• Transport agent AgentB with a priority of 4 registered to the OnMailCommand SMTP event

When you view the list of registered agents by using the Get-TransportAgent cmdlet, transport agent AgentA is listed with a higher priority than transport agent AgentB. However, when a message flows through the transport pipeline, transport agent AgentB will be applied to the message before transport agent AgentA because the OnMailCommand SMTP event encounters the message before the OnEndOfHeaders SMTP event.

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Exchange 2010 includes several default transport agents that enable it to provide features such as transport rules and journaling. By default, the transport agents listed in the following tables are installed on Hub Transport servers and Edge Transport servers. The following tables also provide links to topics that contain more information about each agent.

Hub Transport server transport agents

Agent Name Priority SMTP events Related topic

Transport Rule agent

1

OnRoutedMessage

Understanding Transport Rules

RMS Decryption agent

The priority of this agent isn't user-configurable.

OnSubmittedMessage

Understanding Information Rights Management

Journal Report Decryption agent

The priority of this agent isn't user-configurable.

OncCategorizedMessage

Understanding Journaling

RMS Encryption agent

The priority of this agent isn't user-configurable.

OnRoutedMessage

Understanding Information Rights Management

Prelicensing agent

The priority of this agent isn't user-configurable.

OnRoutedMessage

Understanding Information Rights Management

Journaling agent

The priority of this agent isn't user-configurable.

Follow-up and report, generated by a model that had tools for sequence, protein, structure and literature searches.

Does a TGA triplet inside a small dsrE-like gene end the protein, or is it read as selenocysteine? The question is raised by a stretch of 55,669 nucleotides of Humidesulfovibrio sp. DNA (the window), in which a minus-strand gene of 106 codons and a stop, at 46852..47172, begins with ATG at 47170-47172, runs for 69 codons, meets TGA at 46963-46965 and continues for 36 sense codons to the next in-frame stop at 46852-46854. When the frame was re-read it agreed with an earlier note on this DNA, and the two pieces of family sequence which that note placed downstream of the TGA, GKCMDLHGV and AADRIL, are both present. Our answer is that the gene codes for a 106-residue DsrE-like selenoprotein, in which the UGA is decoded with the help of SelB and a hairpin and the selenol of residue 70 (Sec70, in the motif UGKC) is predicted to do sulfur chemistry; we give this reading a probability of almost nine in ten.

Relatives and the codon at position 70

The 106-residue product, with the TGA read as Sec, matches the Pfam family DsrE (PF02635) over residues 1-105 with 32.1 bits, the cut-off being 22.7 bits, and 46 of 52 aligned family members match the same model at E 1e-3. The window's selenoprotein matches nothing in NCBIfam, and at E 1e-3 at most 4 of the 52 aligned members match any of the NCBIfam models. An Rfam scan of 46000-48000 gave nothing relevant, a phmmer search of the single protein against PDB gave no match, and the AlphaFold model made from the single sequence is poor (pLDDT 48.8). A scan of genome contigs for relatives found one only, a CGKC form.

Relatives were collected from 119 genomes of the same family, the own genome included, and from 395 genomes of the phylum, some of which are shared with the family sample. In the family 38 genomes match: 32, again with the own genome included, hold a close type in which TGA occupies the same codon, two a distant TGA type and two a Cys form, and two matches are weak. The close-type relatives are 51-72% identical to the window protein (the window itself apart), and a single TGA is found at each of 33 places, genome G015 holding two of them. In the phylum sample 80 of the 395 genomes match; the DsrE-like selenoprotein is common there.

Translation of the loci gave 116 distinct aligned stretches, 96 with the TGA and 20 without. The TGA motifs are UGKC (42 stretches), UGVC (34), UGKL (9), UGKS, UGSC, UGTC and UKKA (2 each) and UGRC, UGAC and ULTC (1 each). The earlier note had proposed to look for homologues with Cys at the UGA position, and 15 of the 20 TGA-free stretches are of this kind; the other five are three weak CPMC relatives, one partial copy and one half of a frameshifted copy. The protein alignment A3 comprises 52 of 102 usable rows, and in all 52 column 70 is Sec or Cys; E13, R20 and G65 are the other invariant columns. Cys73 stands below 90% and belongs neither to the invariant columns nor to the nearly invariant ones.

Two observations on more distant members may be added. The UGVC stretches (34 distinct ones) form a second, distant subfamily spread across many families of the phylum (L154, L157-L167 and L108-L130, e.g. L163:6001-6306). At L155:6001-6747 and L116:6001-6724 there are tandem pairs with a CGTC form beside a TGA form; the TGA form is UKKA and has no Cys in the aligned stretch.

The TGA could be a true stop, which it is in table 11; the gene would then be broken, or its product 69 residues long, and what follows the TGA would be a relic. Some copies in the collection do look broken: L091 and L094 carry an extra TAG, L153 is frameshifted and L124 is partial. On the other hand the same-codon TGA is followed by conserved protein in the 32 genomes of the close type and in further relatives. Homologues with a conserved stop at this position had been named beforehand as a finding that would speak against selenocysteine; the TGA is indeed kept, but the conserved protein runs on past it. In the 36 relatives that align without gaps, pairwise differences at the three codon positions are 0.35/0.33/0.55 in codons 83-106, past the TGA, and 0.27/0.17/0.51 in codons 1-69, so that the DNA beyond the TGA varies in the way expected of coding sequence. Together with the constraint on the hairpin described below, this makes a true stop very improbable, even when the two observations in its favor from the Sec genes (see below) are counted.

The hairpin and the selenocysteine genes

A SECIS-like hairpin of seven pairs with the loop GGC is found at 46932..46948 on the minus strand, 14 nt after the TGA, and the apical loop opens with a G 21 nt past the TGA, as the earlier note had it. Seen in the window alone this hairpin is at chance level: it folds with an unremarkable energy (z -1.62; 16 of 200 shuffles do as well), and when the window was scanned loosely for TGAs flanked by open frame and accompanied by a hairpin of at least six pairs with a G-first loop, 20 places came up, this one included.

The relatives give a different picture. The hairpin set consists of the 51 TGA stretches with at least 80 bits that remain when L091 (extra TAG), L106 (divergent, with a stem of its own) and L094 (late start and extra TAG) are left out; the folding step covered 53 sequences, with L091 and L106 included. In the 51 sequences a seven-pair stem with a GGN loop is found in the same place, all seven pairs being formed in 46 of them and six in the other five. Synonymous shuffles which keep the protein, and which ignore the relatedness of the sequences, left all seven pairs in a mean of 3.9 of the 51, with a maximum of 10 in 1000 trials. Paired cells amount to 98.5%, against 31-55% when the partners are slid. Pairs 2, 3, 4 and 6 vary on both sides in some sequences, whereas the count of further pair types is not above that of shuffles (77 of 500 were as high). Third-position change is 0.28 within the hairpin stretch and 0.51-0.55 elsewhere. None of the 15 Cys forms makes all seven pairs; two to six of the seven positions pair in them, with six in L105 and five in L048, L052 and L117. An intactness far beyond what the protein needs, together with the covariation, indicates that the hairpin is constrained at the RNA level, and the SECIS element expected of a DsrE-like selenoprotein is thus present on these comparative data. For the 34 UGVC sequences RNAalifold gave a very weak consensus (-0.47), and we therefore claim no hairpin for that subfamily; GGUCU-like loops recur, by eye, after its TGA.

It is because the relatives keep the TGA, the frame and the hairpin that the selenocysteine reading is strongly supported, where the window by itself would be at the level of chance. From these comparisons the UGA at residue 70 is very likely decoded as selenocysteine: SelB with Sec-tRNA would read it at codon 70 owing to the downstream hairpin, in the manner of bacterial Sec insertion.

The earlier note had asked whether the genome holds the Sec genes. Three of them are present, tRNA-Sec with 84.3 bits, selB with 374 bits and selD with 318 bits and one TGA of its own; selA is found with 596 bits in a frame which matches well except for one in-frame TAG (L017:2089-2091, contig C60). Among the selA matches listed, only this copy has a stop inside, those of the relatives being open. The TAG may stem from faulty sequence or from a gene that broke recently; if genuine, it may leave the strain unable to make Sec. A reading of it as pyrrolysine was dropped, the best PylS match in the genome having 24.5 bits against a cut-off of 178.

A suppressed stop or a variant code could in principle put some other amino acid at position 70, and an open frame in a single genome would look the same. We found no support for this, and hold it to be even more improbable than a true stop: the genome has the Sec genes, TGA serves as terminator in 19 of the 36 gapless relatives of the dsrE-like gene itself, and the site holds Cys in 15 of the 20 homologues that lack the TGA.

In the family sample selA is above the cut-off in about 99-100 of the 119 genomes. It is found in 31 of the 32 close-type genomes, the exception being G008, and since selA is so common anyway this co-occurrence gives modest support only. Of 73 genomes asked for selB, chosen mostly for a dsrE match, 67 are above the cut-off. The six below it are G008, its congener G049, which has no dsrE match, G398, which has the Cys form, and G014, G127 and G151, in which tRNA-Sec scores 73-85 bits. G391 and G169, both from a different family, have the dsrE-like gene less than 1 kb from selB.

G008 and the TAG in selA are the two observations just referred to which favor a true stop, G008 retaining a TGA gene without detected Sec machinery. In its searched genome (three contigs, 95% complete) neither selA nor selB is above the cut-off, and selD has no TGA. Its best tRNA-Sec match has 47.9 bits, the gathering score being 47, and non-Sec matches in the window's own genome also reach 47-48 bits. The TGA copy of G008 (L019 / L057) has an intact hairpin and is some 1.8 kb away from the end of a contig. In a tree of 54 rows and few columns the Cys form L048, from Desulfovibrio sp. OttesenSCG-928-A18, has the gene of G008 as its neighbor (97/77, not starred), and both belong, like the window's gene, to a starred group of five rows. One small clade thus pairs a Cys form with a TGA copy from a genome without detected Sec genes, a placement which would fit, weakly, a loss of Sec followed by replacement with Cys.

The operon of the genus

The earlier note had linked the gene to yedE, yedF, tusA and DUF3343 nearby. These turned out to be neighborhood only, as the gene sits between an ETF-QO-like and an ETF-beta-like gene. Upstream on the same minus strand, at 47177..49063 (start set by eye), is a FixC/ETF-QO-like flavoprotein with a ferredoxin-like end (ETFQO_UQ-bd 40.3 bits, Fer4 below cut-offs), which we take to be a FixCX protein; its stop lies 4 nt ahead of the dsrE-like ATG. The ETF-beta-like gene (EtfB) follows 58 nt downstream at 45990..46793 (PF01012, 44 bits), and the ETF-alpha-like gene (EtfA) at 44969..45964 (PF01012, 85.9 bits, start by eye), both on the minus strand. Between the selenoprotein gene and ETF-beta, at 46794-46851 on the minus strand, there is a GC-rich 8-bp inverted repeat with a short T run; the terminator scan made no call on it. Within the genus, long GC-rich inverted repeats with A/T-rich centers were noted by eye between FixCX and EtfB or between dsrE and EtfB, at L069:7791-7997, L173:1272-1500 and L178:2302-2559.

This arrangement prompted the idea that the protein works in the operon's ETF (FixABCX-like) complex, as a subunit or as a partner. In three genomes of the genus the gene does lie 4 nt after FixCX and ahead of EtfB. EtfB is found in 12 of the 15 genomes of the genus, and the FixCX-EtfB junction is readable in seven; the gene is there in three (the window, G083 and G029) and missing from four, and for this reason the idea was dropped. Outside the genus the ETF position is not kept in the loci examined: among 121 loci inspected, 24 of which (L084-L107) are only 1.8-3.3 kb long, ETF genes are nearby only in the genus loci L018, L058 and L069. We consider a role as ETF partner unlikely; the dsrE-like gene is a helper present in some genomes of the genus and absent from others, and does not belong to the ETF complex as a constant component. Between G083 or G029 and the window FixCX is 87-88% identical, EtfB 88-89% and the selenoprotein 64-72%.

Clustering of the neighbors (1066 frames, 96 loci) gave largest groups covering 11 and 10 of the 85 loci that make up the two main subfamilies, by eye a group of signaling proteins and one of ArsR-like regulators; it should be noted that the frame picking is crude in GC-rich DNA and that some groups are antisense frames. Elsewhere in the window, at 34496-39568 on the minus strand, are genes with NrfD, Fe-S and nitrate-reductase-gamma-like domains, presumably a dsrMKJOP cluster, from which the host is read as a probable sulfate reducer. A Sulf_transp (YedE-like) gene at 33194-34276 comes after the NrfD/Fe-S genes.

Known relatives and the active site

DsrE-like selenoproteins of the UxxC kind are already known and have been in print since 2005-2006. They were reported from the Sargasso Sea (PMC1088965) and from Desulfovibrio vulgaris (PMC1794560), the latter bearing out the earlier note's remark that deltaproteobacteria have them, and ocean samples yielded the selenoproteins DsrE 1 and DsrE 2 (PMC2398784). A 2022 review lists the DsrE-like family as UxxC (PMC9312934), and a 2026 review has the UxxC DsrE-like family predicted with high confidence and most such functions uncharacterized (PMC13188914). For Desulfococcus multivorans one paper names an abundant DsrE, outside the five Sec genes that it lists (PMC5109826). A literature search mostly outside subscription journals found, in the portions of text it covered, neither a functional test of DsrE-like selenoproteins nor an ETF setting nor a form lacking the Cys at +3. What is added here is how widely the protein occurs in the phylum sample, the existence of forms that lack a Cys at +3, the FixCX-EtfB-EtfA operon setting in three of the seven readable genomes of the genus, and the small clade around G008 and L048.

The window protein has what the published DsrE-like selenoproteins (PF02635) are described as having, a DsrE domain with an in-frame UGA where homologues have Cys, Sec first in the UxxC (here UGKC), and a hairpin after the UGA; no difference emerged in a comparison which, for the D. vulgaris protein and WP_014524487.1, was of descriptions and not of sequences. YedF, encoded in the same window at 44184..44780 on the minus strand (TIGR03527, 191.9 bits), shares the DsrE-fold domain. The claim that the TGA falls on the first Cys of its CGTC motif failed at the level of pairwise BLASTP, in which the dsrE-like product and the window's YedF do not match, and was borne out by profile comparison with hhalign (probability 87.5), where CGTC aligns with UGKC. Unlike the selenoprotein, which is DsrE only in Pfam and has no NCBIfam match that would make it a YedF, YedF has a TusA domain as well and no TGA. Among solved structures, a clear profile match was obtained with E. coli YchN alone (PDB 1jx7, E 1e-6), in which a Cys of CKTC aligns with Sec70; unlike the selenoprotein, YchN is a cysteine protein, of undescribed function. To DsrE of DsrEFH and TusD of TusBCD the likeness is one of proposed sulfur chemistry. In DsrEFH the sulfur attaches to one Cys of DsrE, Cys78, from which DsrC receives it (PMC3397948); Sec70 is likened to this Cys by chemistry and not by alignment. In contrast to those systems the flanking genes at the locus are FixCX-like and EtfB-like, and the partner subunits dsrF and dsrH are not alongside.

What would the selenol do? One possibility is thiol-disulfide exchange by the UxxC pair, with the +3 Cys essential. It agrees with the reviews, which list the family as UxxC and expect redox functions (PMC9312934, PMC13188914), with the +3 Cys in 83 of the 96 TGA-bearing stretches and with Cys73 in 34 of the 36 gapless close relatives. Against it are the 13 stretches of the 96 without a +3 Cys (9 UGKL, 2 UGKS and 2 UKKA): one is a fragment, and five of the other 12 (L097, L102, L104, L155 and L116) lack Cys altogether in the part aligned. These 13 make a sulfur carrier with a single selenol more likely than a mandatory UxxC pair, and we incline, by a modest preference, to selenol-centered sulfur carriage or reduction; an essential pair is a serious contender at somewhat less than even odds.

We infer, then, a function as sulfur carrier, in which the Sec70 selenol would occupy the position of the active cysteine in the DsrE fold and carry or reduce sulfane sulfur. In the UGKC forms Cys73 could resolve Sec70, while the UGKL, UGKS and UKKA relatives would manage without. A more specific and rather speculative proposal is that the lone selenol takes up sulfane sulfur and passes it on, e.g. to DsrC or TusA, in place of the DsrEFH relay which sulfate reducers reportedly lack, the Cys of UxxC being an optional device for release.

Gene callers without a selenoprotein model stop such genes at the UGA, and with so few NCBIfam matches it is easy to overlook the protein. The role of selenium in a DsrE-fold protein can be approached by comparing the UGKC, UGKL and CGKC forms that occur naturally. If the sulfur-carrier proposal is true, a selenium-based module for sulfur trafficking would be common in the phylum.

OnSubmittedMessage, OnRoutedMessage

Understanding Journaling

Edge Transport server transport agents

Agent name Priority SMTP events Related topic

Connection Filtering agent

1

OnConnectEvent, OnMailCommand, OnRcptComand, OnEndOfHeaders

Understanding Connection Filtering

Address Rewriting Inbound agent

2

OnRcptCommand, OnEndOfHeaders

Understanding Address Rewriting

Edge Rule agent

3

OnEndOfData

Understanding Transport Rules

Content Filter agent

4

OnEndOfData

Understanding Content Filtering

Sender ID agent

5

OnEndOfHeaders

Understanding Sender ID

Sender Filter agent

6

OnMailCommand, OnEndOfHeaders

Understanding Sender Filtering

Recipient Filter agent

7

OnRcptCommand

Understanding Recipient Filtering

Protocol Analysis agent

8

OnEndOfHeaders, OnEndOfData, OnReject, OnRsetCommand, OnDisconnectEvent

Understanding Protocol Logging

Attachment Filtering agent

9

OnEndOfData

Understanding Attachment Filtering

Address Rewriting Outbound agent

10

OnRcptCommand, OnEndOfHeaders

Understanding Address Rewriting

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With transport agents, Exchange helps you control the flow of e-mail messages through your organization. This capability enables you to match your Exchange infrastructure to your organization's requirements instead of forcing your organization to match your e-mail infrastructure. As you customize your environment, the complexity of that environment increases. To help you troubleshoot issues that may occur and to help you verify that the changes that you make are applied to messages in the manner you expect, Exchange provides the following features:

  • Get-TransportPipeline cmdlet   The Get-TransportPipeline cmdlet shows all the enabled transport agents, and the SMTP events on which they are registered, that have encountered messages in the transport pipeline between the time when the Microsoft Transport service was started and the time when the cmdlet was run. For more information, see View Transport Agents in the Transport Pipeline.
    noteNote:
    The information that is displayed by the Get-TransportPipeline cmdlet is generated only after a message has been sent through the transport pipeline. Also, only the transport agents that encountered the message are displayed.
  • Pipeline Tracing   Pipeline tracing enables you to create an exact snapshot of a whole message before and after it encounters each transport agent. Pipeline tracing enables you to determine which transport agent may have generated unexpected results or to verify that the transport agent behaves as expected.